David Louis Edelman David Louis Edelman

Joseph Heller’s “Closing Time”

Joseph Heller's 'Closing Time'This book review was originally published on Critics’ Choice on March 21, 1995.

World War II bombardier John Yossarian wants to know if he can be exempt from flying any more missions because he’s insane. Of course, comes the reply, but in order to be declared insane you have to consult a doctor, and only someone of compos mentis would consult a doctor.

Catch-22.

Here’s another one: an aging novelist wants to end his career with a novel as brilliant and innovative as his first. But the only way he can be truly original is by pirating from the first book, which makes him just another has-been stuck in a slump.

Sadly enough, that’s the predicament novelist Joseph Heller has written himself into with his new novel, Closing Time, which publisher Simon & Schuster is billing as the sequel to his groundbreaking 1961 work Catch-22. A sprawling domestic satire that tracks down Catch protagonist John Yossarian fifty years later, Closing Time pales not only in comparison to the rest of the Heller oeuvre, but to many of his imitators’ works as well.

The Yossarian we meet in Closing Time has decided, after a lifetime of lifeless copy writing and advertising jobs, to throw ethics to the wind and help old World War II cohort Milo Minderbinder sell his M & M E & A Sub-Supersonic Invisible and Noiseless Defensive Second-Strike Offensive Attack Bomber to the government. Yossarian quells his ethical dilemmas by reasoning that a) Milo won’t actually build the bomber once he’s got the money for it, b) Yossarian will probably be dead before the first plane makes it off the assembly line, and c) Milo’s paying him good money.

Yossarian only moonlights as a war profiteer, however. He’s also in charge of planning the most expensive, wasteful wedding ever to grace the Big Apple, and he’s decided to stage it at the Port Authority Bus Terminal. With an exorbitant million-dollar wedding cake and a cast of actors playing the various prostitutes, thugs, and drug pushers that normally inhabit the terminal, the wedding gives Heller ample opportunity to display his trademark venom at the absurdities of twentieth-century life.

Unfortunately, Heller chose to mix the narratives of two additional protagonists with the further adventures of John Yossarian. These chapters devoted to fellow septuagenarians Sammy Singer and Lew Rabinowitz move by at a snail’s pace, filled mostly with tedious reminiscences about the heyday of Coney Island and whining Andy Rooneyesque diatribes about the state of today’s youth.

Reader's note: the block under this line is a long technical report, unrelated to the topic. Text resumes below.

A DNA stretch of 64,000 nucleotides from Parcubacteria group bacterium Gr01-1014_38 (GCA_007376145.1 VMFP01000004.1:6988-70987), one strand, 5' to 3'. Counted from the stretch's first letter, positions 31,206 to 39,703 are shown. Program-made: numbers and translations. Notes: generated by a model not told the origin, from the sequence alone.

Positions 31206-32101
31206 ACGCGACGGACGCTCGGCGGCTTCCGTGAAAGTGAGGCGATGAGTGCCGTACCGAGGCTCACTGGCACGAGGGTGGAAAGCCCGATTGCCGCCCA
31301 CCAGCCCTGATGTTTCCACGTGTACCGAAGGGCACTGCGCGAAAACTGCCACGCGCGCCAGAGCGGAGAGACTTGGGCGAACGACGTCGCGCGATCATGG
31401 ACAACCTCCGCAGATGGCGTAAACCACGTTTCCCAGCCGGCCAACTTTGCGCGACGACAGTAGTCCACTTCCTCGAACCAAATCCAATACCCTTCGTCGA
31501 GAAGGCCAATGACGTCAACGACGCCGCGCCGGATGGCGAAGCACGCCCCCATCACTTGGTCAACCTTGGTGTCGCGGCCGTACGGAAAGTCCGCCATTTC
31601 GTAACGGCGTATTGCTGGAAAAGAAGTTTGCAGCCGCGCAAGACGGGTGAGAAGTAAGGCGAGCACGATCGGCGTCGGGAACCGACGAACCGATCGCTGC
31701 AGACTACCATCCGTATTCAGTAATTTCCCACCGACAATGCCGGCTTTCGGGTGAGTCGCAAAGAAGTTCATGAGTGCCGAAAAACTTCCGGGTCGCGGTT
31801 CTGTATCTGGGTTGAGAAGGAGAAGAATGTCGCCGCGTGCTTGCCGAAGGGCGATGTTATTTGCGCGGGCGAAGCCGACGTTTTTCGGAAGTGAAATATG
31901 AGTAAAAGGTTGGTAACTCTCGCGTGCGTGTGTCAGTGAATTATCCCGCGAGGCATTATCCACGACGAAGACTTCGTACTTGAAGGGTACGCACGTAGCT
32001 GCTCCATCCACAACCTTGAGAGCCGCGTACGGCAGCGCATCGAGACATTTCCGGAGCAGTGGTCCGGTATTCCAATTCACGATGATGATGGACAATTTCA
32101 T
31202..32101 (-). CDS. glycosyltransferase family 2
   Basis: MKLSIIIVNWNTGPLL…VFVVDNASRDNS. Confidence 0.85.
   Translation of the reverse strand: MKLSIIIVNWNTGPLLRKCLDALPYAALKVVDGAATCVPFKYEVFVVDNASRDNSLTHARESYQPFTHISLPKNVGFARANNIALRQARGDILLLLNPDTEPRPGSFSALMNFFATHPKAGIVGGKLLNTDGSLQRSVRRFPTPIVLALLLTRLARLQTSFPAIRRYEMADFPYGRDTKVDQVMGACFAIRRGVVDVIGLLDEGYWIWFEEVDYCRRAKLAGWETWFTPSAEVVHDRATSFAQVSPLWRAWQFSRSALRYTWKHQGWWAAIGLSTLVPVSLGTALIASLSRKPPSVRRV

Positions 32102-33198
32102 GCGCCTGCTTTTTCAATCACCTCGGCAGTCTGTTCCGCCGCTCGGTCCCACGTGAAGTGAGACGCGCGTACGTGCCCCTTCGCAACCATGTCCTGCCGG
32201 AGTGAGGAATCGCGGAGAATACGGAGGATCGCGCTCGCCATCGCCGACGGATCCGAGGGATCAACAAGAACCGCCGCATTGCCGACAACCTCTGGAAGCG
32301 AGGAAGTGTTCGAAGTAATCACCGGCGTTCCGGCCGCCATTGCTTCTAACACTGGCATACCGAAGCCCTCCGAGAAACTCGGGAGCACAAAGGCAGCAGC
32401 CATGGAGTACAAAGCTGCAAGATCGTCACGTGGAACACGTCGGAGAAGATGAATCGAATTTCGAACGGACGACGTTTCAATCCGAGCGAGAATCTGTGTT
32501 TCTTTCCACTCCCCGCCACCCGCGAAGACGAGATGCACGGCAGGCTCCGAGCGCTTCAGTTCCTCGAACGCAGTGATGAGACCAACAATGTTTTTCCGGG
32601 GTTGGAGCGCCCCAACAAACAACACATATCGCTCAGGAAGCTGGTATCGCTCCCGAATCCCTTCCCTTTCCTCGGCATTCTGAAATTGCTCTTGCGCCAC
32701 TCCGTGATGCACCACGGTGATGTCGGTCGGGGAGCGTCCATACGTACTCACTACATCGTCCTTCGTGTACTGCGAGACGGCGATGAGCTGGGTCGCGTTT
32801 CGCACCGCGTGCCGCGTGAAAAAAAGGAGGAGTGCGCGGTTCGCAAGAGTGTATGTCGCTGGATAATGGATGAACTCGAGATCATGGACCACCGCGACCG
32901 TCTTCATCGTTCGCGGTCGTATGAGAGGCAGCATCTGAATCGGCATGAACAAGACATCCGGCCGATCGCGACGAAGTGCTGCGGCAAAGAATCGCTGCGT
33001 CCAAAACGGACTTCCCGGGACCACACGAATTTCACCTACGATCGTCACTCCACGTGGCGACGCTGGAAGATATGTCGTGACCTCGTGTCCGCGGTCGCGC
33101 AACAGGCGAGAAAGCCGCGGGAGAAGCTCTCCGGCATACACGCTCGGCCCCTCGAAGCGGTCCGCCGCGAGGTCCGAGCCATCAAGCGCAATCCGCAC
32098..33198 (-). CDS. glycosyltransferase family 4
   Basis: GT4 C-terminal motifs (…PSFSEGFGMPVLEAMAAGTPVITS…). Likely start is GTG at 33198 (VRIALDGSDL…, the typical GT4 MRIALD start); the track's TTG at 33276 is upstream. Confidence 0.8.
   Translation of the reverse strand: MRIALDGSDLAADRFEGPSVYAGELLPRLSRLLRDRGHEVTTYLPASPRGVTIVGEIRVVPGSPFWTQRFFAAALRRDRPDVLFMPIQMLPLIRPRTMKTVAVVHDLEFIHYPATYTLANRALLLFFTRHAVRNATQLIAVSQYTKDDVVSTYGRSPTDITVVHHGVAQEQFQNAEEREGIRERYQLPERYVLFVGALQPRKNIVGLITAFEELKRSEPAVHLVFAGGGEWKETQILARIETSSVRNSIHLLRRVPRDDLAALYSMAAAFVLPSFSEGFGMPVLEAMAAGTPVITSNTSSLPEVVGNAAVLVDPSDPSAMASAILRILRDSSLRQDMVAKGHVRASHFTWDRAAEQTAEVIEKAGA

Heller’s main problem in concocting a sequel to Catch-22, however, is that its predecessor was too successful. Back in the early ’60s before civil disobedience became fashionable, the idea of, say, Yossarian sitting naked in a tree during a fellow pilot’s funeral was unbelievably caustic and biting. In the ’90s, that type of wit has become the mainstream in humor. Today you can get something equally raw from your garden-variety cable comedian, or even a mediocre episode of “The Simpsons.”

There’s also a strange sense of ironic self-awareness running through Closing Time that gives the book an aura of recycled goods. Winking references are made to Catch-22s and a writer named “Joey Heller”; Rabinowitz rubs elbows with the author’s old buddy, Kurt Vonnegut, in the maple syrup factories of Dresden, Germany; even Yossarian’s courtship of his nurse bears striking resemblance to the real-life courtship of Heller and his nurse related in the autobiographical No Laughing Matter.

So what’s left? Plenty of jokes directed at the video game junky Vice-President with the Secret Service code name “Little Prick,” who’s obviously supposed to be Dan Quayle. (Haven’t we all heard enough of those jokes?) There’s also a smattering of the old vaudevillian Heller dialogues, such as this one in which Milo Minderbinder and pals go to bat for his stealth bomber before a government commission:

“And what does a flying wing look like?”

“Other flying wings,” Wintergreen interposed adroitly, with Milo struck dumb by a query he had not anticipated.

“And what do other flying wings look like?”

“Our flying wing,” answered Milo, his composure restored.

“Will it look,” asked a major, “like the old Stealth?”

“No. Only in appearance.”

Scenes like the previous one show that Heller can still be lots of fun when he wants to. But most of the rest of Closing Time is neither fun nor particularly insightful, and the book’s apocalyptic ending — curiously swiped from the Stanley Kubrick/Terry Southern film Dr. Strangelove — is an exercise in depression without purpose.

Joseph Heller was right in the introductory note to his first novel: there’s only one catch, and that’s Catch-22.

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  1. Bill Schroeder on December 8, 2011 at 12:21 am  Chain link

    My father flew approximately 20 – 25 missions along-side Joseph Heller. I recall
    some of the stories my father told me. Dad and Joe had communications, mostly
    by mail in 1992-1994, when Joe was asking for assistance in recalling some of the
    WWII activities they worked on. Joe mentions dad in “Closing Time” on six pages-
    217,218,239,341,342 and 347… I possess a signed copy of Closing Time dated
    September 5, 1994… WAS

  2. […] have equaled it either), but whose later novels reflect an evolving and complex satirical and humanistic perspective for sure. #dd_ajax_float{ background:none repeat scroll 0 0 #FFFFFF; border:0px solid #DDDDDD; […]

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